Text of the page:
PricewaterhouseCoopers Indian get new head Deepak Kapoor
December, 14th 2010
Professional services firm PricewaterhouseCoopers India (PwC), which has been under the media glare since the Satyam fraud broke out, will have a new India head.
On Monday, PwC appointed global nominee Deepak Kapoor as the chairman of PwC India, replacing Gautam Banerjee who will complete his term by December end.
The move signalled the growing hold of PwCs international team on the local network. The appointment of Mr Kapoor was done through the firms governance board which consulted all 150 India partners before shortlisting probable candidates, a departure from the conventional process of selecting chairmen through elections.
While PwC India didnt name the second candidate, it is learnt that executive director Jairaj Purandare had also been nominated for the top job. This is the second time that PwC India has appointed a chairman representing the global network.
Gautam Banerjee, who had been appointed in the immediate aftermath of the Satyam fraud two Price Waterhouse auditors were alleged to have colluded with the Satyam management was an executive chairman with PwC Singapore and retained that post along with the India job.
Mr Banerjee had replaced Ramesh Ranjan who stepped down owning moral responsibility after the Satyam fraud. The firm had also appointed Peter Harvey as deputy chairman of PwC India along with Mr Banerjee.
Deepak Kapoor has been elected as the new chairman of PwC India network of entities for a three-year term beginning on January 1, 2011, said a PwC statement. PwC India network partners ratified the selection of Deepak, 52, by the PwC India governance board.
The selection process included the nomination of probable candidates and short-listing which was followed by a sounding process undertaken by the governance board. This is a practice currently followed by PwCs global network and is steadily replacing the conventional ballot box, which is preferred by the Indian network.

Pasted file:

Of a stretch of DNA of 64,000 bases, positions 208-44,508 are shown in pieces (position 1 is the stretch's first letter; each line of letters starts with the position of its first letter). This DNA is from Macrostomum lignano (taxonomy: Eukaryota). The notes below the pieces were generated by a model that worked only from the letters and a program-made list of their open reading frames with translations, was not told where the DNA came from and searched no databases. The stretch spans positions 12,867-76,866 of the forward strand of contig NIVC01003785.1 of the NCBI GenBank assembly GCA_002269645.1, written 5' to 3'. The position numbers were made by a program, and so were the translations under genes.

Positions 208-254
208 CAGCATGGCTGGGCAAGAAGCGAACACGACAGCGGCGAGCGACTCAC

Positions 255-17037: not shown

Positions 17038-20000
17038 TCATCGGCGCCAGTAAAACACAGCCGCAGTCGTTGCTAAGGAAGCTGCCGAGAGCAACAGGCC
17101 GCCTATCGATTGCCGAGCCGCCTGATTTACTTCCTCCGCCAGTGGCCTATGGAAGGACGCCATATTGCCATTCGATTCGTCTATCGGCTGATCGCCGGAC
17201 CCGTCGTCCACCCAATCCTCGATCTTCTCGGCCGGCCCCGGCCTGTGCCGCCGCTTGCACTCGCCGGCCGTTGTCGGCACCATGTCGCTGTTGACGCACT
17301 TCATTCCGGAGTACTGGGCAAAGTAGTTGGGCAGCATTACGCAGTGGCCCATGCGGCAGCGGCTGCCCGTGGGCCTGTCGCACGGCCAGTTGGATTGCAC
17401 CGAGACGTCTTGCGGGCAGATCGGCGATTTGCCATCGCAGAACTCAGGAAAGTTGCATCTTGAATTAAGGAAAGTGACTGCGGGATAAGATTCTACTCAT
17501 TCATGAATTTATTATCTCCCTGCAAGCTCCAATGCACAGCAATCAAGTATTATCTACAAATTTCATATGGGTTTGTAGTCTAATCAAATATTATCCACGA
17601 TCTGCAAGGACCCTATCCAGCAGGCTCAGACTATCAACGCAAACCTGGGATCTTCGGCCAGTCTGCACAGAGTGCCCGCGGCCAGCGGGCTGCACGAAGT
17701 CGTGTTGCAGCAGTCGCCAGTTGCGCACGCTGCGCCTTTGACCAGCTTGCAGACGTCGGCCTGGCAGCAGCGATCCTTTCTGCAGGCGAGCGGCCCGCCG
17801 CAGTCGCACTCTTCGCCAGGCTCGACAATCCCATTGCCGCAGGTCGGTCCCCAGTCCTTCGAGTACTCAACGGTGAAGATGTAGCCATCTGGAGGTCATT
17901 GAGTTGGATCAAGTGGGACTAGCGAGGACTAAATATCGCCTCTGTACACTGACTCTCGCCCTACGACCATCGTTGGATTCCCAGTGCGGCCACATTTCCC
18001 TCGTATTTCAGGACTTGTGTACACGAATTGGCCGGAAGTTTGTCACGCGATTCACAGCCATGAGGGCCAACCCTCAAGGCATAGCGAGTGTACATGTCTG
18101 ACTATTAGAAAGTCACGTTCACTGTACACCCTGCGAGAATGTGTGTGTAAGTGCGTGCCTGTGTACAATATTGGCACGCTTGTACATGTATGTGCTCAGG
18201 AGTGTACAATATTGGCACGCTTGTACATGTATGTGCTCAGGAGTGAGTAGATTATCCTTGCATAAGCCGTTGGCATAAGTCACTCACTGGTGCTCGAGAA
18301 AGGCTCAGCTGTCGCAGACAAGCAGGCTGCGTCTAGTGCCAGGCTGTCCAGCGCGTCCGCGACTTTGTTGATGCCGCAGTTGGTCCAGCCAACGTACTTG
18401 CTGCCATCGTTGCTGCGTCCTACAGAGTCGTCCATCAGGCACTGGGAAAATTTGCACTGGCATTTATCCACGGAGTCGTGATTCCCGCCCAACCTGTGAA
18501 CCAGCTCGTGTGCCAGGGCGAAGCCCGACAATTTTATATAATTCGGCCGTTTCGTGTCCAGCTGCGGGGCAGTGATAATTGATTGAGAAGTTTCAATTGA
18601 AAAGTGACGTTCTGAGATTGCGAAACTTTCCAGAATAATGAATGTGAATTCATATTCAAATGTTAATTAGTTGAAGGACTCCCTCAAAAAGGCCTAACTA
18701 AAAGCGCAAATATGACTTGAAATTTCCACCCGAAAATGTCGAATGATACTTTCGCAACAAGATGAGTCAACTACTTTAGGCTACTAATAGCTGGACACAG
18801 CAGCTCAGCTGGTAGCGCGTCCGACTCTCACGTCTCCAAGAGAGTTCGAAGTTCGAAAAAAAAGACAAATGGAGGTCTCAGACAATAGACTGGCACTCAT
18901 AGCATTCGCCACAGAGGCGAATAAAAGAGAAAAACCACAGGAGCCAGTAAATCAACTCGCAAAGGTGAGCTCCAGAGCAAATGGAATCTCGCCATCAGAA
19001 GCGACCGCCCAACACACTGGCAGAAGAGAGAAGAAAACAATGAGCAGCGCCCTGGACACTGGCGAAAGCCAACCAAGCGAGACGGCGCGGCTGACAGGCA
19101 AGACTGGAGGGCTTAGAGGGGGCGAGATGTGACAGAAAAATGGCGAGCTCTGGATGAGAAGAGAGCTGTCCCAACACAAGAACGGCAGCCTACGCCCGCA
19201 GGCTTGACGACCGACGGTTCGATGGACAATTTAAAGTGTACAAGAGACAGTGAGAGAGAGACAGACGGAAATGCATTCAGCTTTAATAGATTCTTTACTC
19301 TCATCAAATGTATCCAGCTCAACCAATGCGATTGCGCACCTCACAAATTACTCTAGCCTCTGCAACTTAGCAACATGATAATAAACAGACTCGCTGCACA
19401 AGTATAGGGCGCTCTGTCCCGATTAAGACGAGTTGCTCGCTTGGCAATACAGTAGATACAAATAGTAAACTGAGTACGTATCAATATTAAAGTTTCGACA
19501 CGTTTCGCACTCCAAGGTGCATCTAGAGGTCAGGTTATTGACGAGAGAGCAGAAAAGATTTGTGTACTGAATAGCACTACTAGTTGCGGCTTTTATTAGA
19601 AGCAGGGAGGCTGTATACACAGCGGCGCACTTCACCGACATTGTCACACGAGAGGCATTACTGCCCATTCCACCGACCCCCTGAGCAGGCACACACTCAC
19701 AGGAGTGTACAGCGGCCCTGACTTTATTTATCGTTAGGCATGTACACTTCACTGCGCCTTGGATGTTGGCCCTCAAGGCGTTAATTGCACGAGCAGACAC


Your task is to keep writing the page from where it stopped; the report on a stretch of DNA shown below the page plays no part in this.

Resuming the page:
India is a key market for PwC and also its fastest growing region with annual revenues of over Rs 1,000 crore. Incidentally, Mr Kapoor lost to Mr Ranjan in 2007 when the India network had last held elections. Mr Ranjans victory then was widely seen as a win for Indian partners who typically had differences of opinion on operational norms with the parent company.
But after the Satyam case broke out and immediate exits of top partners along with their teams, the international network had to take strong corrective measures to improve the brands image. Mr Banerjee was brought in as the firm wanted to avoid the distraction of an election during a difficult period for the firm, said a senior PwC official. The measures also included formation of an independent advisory board to guide PwC India.
The incumbent, Mr Banerjee had recently countered a tough task as capital market regulator Sebi had turned down Price Waterhouses consent application for an early settlement over investigation into the firms role in the Satyams fraud.
While Mr Banerjee was able to convince most of PwC Indias high profile clients the firm is learnt to serve about 3,000 companies in various roles to continue with the firm, the exit of senior partner and reputed tax professional Dinesh Kanabar had an impact.
Less than one-third of our clients (for the tax practice) migrated after the exit of the senior tax team, said one official.
Mr Kapoor has had a long stint with PwC. He joined the firm in 1978 and became a partner in 1991. Prior to being appointed managing director, he served in a variety of leadership and client service roles initially as an auditor and then as an M&A professional, said the PwC statement.
Mr Kapoor led the financial advisory practice and the telecom and entertainment and media practices for ten years.